5. Why does CO2 lag temperature?
Through Earth’s history, the climate has changed considerably over a wide range, from ice ages to warm periods without any ice at the poles. These climate variations had several triggering mechanisms, like variation in solar activity, Milanković cycles, volcanic activity and changes in atmospheric composition. With data from ice cores, scientists were able to recover atmospheric data from the past 400,000 years. The data from these ice cores included the annual atmospheric composition over the period of these 400,000 years, with the different concentrations of atmospheric gases. After analyzing the data, a correlation between CO2 and temperature can be reconstructed (see figure below). However, a rise in CO2 did not precede a rise in temperature but is lagging behind the temperature curve by 200 to 1000 years. At the first glance, the temperature seems to be the driving factor causing the increase in CO2 concentration, which is contrary to the common point of view that CO2 drives global warming. A study by Shakun et al. (2012) investigates this correlation in detail.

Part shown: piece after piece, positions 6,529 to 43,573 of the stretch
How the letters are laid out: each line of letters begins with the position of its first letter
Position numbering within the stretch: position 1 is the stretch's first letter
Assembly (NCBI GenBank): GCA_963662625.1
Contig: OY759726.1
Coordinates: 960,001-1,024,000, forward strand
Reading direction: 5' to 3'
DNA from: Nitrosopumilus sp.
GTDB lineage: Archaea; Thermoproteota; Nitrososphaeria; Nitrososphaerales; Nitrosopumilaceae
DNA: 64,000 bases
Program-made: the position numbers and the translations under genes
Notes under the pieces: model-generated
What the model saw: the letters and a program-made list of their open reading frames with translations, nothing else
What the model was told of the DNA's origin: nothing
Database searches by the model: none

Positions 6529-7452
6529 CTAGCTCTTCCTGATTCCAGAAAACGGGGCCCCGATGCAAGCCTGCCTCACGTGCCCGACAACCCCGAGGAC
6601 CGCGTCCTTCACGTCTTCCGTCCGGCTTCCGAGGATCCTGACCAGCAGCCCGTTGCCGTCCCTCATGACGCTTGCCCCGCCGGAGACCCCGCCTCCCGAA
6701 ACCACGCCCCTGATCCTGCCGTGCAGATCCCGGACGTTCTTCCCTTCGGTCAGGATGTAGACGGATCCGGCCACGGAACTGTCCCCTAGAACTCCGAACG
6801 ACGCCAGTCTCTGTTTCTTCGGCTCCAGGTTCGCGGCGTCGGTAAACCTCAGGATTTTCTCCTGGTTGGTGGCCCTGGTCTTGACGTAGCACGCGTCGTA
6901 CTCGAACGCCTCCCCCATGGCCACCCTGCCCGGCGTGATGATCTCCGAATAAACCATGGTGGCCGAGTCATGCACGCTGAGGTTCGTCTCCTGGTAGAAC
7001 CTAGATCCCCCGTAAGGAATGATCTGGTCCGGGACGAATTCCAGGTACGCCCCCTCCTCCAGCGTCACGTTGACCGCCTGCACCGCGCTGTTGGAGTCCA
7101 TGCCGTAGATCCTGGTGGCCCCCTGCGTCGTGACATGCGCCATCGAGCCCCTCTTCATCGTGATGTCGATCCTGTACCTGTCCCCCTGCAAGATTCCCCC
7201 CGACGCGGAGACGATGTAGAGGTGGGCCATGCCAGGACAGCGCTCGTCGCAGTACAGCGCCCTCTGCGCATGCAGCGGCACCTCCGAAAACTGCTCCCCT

The study shows that the initial stages of increasing temperatures after the last ice age were triggered by the Milanković cycles. This initiated a reaction chain, leading to the heating of the oceans, which then released CO2. With the increasing greenhouse effect, temperatures started to increase and the emission of CO2 from the oceans into the atmosphere accumulated. The time lag between CO2 and temperature is caused by a temporal offset between the oceans heating up and the constant release of oceanic CO2. Through this accumulating effect, CO2 became the primary driver of temperature during the glacial-interglacial warming. The increasing CO2 levels then become both, the cause and effect of further warming. This positive feedback is necessary to trigger the shifts between glacials and interglacials as the effect of orbital changes is too weak to cause such variation.